The National Center for Race Amity (NCRA) at Wheelock College in Boston held the National Race Amity Conference on June 9–12. The National Spiritual Assembly of the Bahá’ís of the United States was one of several supporting sponsors, along with the Boston Globe and public television station WGBH.
This June’s conference was part of an initiative titled Race Amity 2011: Towards E Pluribus Unum. Other activities under that umbrella included a public Boston Race Amity Celebration and the launching of a campaign for federal establishment of National Race Amity Day annually on the second Sunday in June.
“Inspired by the United States’ first race amity convention held in 1921 in Washington, DC, the National Race Amity Conference re-emerged in 2011 to inspire, educate, and stimulate interracial/cross cultural understanding and friendship,” said Boston-area Bahá’í William Smith, executive director of the NCRA and convenor of the conference.
“The conference thesis is when we come to know each other, and communicate deeply and authentically, racism and other divides begin to unravel. It pursues the mission of the original 1921 race amity convention: ‘When we put our own house on order; we may be trusted to carry the message of universal peace to all mankind.’”
Presenters and facilitators included leaders of thought such as:
- Xernona Clayton, longtime civil rights leader and founder of the internationally televised Trumpet Awards.
- Charles Ogletree, law professor at Harvard and founder of its Institute for Race and Justice.
- Carole Simpson, former network news anchor.
- Celeste Headlee, public radio host.
- Chief Doug White, indigenous leader in Canada.
- Beverly Morgan-Welch, president of the Museum of African American History in Boston.
- Roger Brown, president of Berklee College of Music and co-founder of the Bright Horizons early education provider group and other social benefit projects.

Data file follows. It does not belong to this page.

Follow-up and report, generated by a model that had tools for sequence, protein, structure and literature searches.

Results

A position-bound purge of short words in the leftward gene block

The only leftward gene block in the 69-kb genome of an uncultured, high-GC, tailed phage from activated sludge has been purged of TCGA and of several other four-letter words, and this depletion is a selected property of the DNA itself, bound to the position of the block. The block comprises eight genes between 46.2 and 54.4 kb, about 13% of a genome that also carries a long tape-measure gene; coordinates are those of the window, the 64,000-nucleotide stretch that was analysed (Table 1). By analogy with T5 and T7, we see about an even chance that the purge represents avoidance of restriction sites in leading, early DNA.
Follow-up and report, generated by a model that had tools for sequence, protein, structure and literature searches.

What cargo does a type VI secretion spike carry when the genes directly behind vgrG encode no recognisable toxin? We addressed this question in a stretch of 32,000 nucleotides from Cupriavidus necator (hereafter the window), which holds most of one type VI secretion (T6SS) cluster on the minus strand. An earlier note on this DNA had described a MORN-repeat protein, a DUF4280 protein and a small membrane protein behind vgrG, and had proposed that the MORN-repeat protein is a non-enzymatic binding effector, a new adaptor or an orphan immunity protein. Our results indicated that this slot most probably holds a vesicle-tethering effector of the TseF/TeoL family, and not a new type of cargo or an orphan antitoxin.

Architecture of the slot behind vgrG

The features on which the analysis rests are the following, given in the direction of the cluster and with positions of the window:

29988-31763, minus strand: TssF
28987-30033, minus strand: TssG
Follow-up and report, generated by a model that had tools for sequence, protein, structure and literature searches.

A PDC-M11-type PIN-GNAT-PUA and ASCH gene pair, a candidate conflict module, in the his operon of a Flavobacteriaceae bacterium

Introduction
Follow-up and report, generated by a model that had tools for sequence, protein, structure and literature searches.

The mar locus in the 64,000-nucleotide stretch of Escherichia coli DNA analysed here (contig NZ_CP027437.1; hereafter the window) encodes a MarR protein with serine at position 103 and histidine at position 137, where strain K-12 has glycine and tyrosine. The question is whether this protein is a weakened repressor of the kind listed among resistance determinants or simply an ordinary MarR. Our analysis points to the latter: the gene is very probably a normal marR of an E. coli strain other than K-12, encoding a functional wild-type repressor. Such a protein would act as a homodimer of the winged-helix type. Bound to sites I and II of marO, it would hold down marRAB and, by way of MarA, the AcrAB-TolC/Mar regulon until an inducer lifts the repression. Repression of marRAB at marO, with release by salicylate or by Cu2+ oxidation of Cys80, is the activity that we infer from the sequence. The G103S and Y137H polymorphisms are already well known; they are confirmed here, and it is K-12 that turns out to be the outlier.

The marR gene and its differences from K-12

- Robert Henderson, member of the National Spiritual Assembly of the Bahá’ís of the United States.
- Other Bahá’ís involved in race amity and justice activity including William Davis, Joy DeGruy, Dwight Allen, Tod Ewing, Dorothy Nelson, Richard Thomas, Lex Musta, Cherry Steinweinder, Paula Henderson, Christopher Buck, Eric Dozier, JB Eckl, Gene and Phyllis Unterschuetz.
The conference opened with screening of a new documentary, “Race Amity: America’s Other Tradition,” produced by U.S. Bahá’í Media Services. Large-group keynote presentations alternated with a series of small-group sessions within Amity Sectors discussing racial amity in the contexts of arts, business, community service, education, entertainment, government agencies, information media, law, spirituality and sports.
Inspiration for the conference sprang from the American Race Amity Convention in 1921 in Washington, DC. Organized at ‘Abdu’l-Bahá’s request by Agnes Parsons, a Bahá’í and Washington socialite, that historic collaborative event saw Bahá’ís including Louis Gregory, Cora Cooke and Alain Locke working with non-Bahá’í leaders such as Moses Clapp, a clergyman and former U.S. senator.
For more information about the overall initiative, go to www.wheelock.edu/ncra/race-amity-2011.html